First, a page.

Bees communicate with each other in various ways. They use different chemical signals to send messages to their hive mates. The Queen releases Queen pheromones (her own special perfume) which help to keep the bees working and organized. Her scent also lets them know she is in residence. Bees have a defensive posture that they can use when guarding the hive and they can also release attack pheromones. Bees also do several kinds of dances to communicate the exact location of a good source of nectar and pollen so that other bees can find it. Scientists are now discovering that bees communicate through vibrations in their honey comb too.

Where does beeswax come from?

Beeswax comes from the bees themselves. As a bee matures while working inside the hive they will begin to secrete wax. There are 8 glands or pockets on the bees' stomach. The wax leaks out into these pockets, at first as a liquid and then when it cools it turns into white wax. The wax sits in the stomach pockets until the bee uses its leg to pull a piece out. The worker will chew the wax and mold it with her mandibles to build the honeycombs.

Can all bees sting?

No, not all bees can sting. The male bee, called a drone, has no stinger at all. The worker bees are female and they can sting, but young bees who are working inside a hive may not have developed their venom glands yet so would be unable to sting. A worker bee can only sting a human or animal once and then will die. Their stinger has tiny barbs that catch in flesh and so when they sting their bottom gets torn off. The Queen can sting but it is rare for a Queen to sting a person. She can sting multiple times. [Pictured here is a honey bee drone. They enjoy visiting and having their pictures taken].

Note that hornets and wasps who have no barbs on their stinger and can sting multiple times.

What is a Killer Bee?

Killer Bee is a term that has been given to African Honey Bees. You may be wondering how African honey bees ended up in North America. Many years ago a scientist in South America was doing experimental breeding with African honey bees. African honey bees are well known for being fantastic honey producers. The only problem is that they are also very enthusiastic about protecting their honey--they're aggressive and don't hesitate to sting. The scientist was trying to breed African honey bees with South American bees to try to take advantage of the honey producing genetics, but create calmer and more placid bees by crossing them with South American bees.

But the scientist took a day off and a person who was taking care of the bee yard saw these little entrances on the front of the scientist's hives. These entrances were designed to prevent the African queen bees from leaving the hive to breed in the wild. But the person didn't know and removed the special entrances. The African queens did leave the hive and breed with wild bees. Very quickly this bee species spread through South America, into Mexico and from there the southern parts of the USA. So far this bee has not been seen in the northern and more colder parts of North America. The term now used to describe these hybrid bees (bees who have bred with domestic and wild North American bees) is "Africanized Bees".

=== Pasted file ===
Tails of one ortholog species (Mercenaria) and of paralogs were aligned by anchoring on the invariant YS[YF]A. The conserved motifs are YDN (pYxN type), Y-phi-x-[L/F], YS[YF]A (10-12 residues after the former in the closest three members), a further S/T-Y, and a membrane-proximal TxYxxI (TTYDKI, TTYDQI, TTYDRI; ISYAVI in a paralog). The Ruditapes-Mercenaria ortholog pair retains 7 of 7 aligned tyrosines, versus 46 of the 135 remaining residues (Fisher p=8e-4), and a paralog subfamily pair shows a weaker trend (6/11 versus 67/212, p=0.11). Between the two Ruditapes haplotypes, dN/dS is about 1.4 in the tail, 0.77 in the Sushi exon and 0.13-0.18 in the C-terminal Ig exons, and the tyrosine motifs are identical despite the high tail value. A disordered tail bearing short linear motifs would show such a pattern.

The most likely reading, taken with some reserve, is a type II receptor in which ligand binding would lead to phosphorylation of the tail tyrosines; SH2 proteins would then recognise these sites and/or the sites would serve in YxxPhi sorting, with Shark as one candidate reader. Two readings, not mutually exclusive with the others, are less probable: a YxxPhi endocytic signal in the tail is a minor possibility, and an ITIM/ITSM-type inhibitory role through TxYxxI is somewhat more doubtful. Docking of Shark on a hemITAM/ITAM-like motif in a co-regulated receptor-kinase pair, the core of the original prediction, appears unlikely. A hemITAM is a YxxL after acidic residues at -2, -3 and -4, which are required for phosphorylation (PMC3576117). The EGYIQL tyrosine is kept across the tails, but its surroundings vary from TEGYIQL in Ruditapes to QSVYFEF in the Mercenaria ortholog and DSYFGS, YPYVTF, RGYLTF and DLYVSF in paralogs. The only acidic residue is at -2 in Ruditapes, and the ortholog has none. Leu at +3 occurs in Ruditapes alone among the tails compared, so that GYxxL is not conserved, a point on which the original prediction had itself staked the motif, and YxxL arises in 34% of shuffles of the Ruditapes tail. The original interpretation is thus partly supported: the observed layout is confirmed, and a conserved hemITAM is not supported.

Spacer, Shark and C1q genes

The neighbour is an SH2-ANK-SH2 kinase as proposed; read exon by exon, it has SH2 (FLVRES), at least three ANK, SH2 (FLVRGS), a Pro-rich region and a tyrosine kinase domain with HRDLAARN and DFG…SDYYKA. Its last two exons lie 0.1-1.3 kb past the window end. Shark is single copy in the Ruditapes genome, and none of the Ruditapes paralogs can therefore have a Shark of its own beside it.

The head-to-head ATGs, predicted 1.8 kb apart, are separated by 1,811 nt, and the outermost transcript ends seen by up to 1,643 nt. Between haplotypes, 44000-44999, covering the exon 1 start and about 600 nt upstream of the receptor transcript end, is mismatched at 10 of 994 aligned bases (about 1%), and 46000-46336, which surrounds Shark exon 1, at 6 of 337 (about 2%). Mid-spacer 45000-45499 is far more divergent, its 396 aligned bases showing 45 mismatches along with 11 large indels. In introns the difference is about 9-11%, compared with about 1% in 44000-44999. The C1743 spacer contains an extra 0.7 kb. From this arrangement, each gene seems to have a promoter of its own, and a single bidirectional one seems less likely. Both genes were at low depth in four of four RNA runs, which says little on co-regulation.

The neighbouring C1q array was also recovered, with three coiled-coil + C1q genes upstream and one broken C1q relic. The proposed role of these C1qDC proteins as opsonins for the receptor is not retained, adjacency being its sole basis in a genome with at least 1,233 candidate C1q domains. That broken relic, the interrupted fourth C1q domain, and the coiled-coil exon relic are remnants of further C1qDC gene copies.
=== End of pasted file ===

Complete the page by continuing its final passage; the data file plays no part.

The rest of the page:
Why does the honey in the store say "100% Canadian Honey" but in the small print it says it may be blended with honey from Brazil and Argentina?

Beekeepers have been working very hard for years to try to get the labelling changed to better reflect the reality. Often Canadian honey which is prized for its flavour around the world, is mixed with cheaper honeys from other countries. Beekeepers have had to lobby government for many years to win a labelling change and it hoped that soon this will be changed. That would mean that 100% Canadian Honey will be just that.

Do you have a question about honey bees? If you do, leave me a comment and I'll post a reply.

Wednesday, September 22, 2010

Vampire Mite Says: I Want to Suck Your Hymolyph

If you were a vampire and you wanted to drink a bees' blood, that's what you'd say.

There really are tiny vampires that want to suck the bees' blood. Maybe you have heard of them? They're little insects called Varroa Mites.

We say bees' blood, but in truth bees don't have red blood like we do.

Insect blood is called hymolpth and it's a white and yellow colour. If you've been in the car when a bug hits the windshield, that's their hymolpth splattered on the glass.
[Pictured above is a round brown Varroa Mite. It's like a bee flea. It's actual size is about the same as a pin head].

No matter the colour, bees' blood is just as important to the function of their healthy body as our blood is to us.
[This is a bee I photographed at my home. When I made the picture large (click to make it large) I can see a mite on the top of the bees abdomen. Can you see it too? It's riding on the bee.